[R] SAS or R software
MSchwartz at MedAnalytics.com
Sat Dec 18 01:19:28 CET 2004
On Fri, 2004-12-17 at 17:11 -0500, Alexander C Cambon wrote:
> I apologize for adding this so late to the "SAS or R software "
> This is a question, not a reply, but it seems to me to fit in well
> the subject of this thread.
> I would like to know anyone's experiences in the following two areas
> below. I should add I have no experience myself in these areas:
> 1) Migrating from SAS to R in the choice of statistical software used
> for FDA reporting.
You will find that to be a non-issue from the FDA's perspective. This
has been discussed here with some frequency. If you search the archives
you will find comments from Frank Harrell and others.
The FDA does not and cannot endorse a particular software product. Nor
does it validate any statistical software for a specific purpose. They
do need to be able to reproduce the results, which means they need to
know what software product was used, which version and on what platform,
The SAS XPORT Transport Format (which is openly defined and documented),
has been used for the transfer of data sets and has been available in
many statistical products.
There have been a variety of activities (CDISC, HL-7, etc) regarding the
electronic submission of data to the FDA. Some additional information is
Any other issues impacting the selection of a particular statistical
application are more likely to be political within your working
environment and FUD.
As you are likely aware, other statistically relevant issues are
contained in various ICH guidance documents regarding GCP considerations
and principles for clinical trials:
Keep in mind also that one big advantage R has (in my mind) is the use
of Sweave for the reproducible generation of reports, which to an extent
> (For example, was there more effort involved in areas of
> documentation, revision tracking, or validation of software codes?
Since the FDA's role with computer software and validation has been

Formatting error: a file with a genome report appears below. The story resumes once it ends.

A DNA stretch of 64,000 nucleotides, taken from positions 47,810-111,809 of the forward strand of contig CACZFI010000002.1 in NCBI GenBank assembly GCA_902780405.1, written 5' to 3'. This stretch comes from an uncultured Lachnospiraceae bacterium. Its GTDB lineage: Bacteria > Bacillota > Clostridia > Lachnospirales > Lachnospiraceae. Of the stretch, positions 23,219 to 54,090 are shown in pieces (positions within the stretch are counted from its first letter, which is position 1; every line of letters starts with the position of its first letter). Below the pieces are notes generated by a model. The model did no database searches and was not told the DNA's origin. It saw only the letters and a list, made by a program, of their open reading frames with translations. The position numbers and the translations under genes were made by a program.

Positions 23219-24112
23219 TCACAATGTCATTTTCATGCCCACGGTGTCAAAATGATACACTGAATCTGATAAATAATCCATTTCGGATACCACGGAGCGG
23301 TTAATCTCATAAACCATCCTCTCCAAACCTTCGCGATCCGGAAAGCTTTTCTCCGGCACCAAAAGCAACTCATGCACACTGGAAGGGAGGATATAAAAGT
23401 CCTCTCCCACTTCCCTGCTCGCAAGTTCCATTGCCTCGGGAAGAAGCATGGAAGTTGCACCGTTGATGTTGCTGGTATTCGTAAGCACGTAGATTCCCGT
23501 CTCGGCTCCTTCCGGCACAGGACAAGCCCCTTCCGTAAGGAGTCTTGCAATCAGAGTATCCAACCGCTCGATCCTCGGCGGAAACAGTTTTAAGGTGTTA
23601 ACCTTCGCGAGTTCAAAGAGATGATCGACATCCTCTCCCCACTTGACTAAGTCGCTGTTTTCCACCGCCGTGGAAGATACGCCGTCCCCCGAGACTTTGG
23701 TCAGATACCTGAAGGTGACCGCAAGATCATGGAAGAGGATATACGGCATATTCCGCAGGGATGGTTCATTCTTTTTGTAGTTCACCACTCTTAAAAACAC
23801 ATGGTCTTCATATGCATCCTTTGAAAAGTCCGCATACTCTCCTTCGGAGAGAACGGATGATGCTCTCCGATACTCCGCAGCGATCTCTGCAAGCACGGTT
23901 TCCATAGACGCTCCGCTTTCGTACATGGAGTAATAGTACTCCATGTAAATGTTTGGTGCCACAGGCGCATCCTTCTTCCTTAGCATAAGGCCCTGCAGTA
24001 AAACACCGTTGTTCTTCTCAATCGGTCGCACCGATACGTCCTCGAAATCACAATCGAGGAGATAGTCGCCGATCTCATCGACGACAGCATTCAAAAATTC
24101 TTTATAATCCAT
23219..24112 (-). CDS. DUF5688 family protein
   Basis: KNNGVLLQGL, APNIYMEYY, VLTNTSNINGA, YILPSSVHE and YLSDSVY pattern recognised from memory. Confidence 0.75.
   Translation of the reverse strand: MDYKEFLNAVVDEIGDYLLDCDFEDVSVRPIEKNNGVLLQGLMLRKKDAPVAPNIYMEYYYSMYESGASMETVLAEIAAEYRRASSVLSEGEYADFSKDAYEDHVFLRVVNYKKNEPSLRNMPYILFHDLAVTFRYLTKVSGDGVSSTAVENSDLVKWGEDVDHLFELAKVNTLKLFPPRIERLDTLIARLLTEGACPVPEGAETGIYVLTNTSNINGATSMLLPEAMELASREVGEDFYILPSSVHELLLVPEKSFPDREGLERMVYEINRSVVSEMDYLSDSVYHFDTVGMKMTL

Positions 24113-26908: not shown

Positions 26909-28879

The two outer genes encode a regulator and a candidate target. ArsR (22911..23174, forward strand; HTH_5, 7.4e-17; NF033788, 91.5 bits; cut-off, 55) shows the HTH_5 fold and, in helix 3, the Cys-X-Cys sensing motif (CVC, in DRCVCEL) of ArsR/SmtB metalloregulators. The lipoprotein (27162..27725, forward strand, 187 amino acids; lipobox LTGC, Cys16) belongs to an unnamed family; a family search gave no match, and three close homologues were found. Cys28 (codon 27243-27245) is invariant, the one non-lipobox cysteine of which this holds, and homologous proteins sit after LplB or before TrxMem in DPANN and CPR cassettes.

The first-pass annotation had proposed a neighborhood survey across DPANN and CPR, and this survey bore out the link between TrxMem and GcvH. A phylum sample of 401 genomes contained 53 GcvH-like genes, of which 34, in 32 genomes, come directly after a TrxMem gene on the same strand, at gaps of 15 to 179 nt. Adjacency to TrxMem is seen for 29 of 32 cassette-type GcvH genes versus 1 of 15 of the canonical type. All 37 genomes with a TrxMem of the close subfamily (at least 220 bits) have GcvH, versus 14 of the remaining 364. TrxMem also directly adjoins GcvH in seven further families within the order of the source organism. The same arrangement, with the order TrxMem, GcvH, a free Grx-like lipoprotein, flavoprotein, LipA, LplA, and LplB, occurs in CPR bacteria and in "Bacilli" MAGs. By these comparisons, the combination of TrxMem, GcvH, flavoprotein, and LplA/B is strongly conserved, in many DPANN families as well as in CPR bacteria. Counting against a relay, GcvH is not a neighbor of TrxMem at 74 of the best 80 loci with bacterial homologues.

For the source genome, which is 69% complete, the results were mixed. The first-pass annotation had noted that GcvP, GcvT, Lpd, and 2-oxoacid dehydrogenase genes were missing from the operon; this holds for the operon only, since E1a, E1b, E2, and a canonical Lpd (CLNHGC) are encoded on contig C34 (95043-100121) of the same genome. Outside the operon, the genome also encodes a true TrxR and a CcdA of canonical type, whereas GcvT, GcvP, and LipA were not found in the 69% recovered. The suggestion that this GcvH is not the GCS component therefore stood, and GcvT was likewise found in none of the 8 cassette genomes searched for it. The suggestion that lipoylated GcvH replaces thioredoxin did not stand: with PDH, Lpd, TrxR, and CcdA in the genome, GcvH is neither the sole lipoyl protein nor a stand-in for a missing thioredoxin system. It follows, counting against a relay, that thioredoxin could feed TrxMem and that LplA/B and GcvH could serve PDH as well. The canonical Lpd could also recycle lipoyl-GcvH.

raised before, the following documents cover many of these areas. The
list is not meant to be exhaustive, but should give a flavor in this
There are specific guidance documents by the FDA pertaining to software
that is contained in a medical device (ie. the firmware in a pacemaker
or medical monitoring equipment) or is used to develop a medical device.
The current guidance in this case is here:
Other guidance pertains to 21 CFR 11, which addresses data management
systems used for clinical trials and covers issues such as electronic
signatures, audit trails and the like. A guidance document for that is
Keep in mind, from a perspective standpoint, that even MS Excel and
Access can be made to be 21 CFR 11 compliant and there are companies
whose business is focused on just that task.
There is also a general guidance document for computer systems used in
clinical trials here:
Though it is to be superseded by a draft document here:
> 2) Migrating from SAS to R in the choice of statistical software used
> for NIH reporting (or other US or non-US) government agencies) .
Same here to my knowledge.
As I was typing this, I see Frank just responded.
I also just noted Doug's post, so perhaps some of the above information
will be helpful in clarifying some of his questions as well.
I believe that the above is factually correct, but if someone knows
anything to not be so, please correct me.
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